Football’s been just about the last thing on my mind, and it feels very strange to be coming back to the keyboard to write about a resumption of sporting hostilities when so much else has been going on. But here we are, and Villa will start fighting for their Premier League lives again in a week. God only knows what’ll we get. Regardless, it’s time to shake off the rust and get our game faces on.
I get the money. I get the legal issues. And at least some are finally copping to those being the primary considerations for finishing rather than “integrity.” There is no sporting integrity to the season if it’s played out in bizarre, forced circumstances that affect clubs disproportionately. It’s a very small fig leaf.
The world’s finally, belatedly going on lockdown. It’s the only sensible thing to do—slow the spread by isolating ourselves. The response has been badly bungled all over the place, but some recognition of reality has finally started to take hold. And while Villa’s fate hangs in the balance, the only thing I care about in regard to sport is the workaday people whose lives and livelihoods will be affected. People who don’t have guarantees. And of course, the clearest priority is doing anything and everything we can to minimize the number of deaths and follow-on consequences from overwhelmed health systems.
Villa managed to record a vital, but costly, away win at Turf Moor on New Year’s Day, outlasting Burnley 1-2. The match was notable not only for getting us back out of the drop zone and seeing a new formation from Dean Smith, but also sadly for season-ending injuries to Wesley and Tom Heaton. What already looked to be an extremely important window suddenly became even more so.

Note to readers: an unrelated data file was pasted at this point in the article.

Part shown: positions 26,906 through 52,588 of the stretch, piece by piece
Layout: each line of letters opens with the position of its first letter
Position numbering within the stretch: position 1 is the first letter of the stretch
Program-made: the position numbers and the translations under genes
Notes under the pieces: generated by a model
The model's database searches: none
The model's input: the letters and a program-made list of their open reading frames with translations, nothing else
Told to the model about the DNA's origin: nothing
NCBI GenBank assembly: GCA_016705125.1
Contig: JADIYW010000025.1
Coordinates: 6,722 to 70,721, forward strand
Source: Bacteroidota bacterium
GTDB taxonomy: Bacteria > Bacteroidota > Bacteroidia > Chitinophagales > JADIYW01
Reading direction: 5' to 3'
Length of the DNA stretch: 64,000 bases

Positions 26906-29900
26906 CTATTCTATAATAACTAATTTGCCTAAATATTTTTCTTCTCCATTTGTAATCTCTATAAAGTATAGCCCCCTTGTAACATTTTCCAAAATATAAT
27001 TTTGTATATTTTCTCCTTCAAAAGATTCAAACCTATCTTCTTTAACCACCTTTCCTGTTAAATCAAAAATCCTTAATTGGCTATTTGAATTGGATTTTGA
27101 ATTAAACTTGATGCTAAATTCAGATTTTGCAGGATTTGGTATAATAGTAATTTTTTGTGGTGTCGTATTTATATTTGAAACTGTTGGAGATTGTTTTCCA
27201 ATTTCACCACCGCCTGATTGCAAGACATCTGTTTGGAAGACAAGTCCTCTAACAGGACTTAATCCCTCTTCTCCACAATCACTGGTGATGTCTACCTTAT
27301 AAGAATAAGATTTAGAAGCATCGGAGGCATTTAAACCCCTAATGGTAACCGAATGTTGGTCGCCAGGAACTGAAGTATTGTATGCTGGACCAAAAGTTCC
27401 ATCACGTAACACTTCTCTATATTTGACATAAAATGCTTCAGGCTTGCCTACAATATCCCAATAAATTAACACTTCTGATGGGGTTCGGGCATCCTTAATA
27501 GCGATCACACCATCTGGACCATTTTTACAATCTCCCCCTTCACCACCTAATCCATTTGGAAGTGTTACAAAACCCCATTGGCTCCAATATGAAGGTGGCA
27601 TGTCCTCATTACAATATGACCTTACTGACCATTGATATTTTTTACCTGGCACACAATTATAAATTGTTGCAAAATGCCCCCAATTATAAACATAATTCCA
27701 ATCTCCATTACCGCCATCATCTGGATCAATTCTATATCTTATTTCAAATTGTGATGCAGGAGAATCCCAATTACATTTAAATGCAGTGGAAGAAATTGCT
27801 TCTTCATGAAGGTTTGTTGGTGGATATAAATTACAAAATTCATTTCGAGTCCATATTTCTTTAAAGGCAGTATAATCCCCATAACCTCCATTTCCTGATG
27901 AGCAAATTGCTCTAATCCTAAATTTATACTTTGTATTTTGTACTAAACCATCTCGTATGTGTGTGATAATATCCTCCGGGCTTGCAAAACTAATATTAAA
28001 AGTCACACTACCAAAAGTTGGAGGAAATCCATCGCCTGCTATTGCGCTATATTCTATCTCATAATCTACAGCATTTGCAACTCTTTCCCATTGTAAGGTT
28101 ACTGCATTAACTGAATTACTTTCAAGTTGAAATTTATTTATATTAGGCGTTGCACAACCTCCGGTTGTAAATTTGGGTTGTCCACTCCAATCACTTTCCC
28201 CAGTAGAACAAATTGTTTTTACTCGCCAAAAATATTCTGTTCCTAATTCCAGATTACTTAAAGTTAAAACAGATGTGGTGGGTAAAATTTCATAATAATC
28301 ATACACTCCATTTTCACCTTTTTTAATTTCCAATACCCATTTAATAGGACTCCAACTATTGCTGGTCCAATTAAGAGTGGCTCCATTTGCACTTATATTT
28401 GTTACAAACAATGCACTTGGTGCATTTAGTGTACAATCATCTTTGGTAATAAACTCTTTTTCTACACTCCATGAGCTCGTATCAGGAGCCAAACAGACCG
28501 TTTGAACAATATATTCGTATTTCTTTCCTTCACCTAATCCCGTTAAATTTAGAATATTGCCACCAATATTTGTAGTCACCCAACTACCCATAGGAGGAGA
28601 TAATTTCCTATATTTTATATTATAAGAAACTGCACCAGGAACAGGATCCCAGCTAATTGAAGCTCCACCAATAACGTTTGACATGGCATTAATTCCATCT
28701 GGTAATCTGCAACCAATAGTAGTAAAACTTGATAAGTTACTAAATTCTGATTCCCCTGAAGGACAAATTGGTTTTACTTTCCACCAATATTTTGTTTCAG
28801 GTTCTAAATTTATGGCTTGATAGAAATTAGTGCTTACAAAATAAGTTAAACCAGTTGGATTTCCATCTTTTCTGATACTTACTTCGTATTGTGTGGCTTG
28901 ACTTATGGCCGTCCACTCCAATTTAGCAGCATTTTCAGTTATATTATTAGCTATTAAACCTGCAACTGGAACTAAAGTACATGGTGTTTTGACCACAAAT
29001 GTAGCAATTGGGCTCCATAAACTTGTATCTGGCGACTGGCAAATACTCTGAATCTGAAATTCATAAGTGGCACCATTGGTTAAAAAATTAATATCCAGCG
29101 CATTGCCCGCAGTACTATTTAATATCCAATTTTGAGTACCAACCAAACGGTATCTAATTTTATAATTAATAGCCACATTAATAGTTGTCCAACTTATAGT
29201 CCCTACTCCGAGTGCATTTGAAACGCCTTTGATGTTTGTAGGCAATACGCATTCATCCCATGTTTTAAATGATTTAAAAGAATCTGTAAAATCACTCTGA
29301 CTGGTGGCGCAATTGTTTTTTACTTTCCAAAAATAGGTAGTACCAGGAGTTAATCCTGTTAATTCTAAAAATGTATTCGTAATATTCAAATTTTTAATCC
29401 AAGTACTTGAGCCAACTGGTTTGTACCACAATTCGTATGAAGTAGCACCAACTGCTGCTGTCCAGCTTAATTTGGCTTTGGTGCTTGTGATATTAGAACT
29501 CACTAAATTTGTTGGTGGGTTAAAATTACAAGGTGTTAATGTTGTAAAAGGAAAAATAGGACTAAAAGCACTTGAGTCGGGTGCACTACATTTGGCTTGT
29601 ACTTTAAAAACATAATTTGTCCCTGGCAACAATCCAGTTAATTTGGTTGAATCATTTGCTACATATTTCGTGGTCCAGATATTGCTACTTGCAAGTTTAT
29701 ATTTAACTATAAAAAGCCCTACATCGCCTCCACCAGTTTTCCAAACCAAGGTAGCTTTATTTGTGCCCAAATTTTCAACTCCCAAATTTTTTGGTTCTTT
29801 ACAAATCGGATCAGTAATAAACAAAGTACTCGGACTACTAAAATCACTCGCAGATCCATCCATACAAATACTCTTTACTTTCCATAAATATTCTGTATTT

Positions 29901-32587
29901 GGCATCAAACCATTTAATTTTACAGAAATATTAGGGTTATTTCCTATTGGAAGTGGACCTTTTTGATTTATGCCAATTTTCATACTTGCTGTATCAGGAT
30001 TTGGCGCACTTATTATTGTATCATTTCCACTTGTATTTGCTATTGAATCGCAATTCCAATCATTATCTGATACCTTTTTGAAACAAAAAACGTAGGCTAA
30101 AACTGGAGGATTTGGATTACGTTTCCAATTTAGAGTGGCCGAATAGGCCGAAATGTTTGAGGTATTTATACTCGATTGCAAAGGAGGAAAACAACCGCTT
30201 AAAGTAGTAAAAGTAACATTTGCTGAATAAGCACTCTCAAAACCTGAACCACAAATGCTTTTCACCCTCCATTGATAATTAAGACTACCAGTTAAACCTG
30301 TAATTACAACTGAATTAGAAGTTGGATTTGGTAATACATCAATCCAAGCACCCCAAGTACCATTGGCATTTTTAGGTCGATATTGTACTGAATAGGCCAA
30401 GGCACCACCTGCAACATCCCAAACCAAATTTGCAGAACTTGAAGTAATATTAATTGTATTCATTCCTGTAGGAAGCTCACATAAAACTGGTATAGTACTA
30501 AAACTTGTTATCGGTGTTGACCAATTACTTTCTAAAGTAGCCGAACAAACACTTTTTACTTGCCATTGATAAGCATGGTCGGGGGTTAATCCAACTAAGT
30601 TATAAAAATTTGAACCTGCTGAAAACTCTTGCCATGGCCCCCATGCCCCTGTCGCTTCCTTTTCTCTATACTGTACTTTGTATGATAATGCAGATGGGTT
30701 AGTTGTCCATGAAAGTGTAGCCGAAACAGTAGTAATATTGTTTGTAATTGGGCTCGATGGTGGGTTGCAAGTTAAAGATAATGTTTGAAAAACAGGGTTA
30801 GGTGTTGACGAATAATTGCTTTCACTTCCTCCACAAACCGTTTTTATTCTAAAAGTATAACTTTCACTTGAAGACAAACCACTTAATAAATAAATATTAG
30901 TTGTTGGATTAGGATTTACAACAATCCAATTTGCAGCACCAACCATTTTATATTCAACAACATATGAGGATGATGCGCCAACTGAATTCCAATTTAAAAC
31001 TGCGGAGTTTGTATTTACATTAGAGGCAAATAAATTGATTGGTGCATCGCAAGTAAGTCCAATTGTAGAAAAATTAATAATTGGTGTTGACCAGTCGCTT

None of us have a backdoor into the thinking of Sawiris and Edens. Of course they want to stay in the Premier League but even at almost $200,000,000 spent on players, they don’t seem to be any closer to a cohesive unit that will stay up as they did at the start of the season even though they showed some promise last August. How are they thinking over the Xmas season? Are they true fans of the sport? Are they looking at the team from a purely financial view? What is their timeline for success in the Premier League?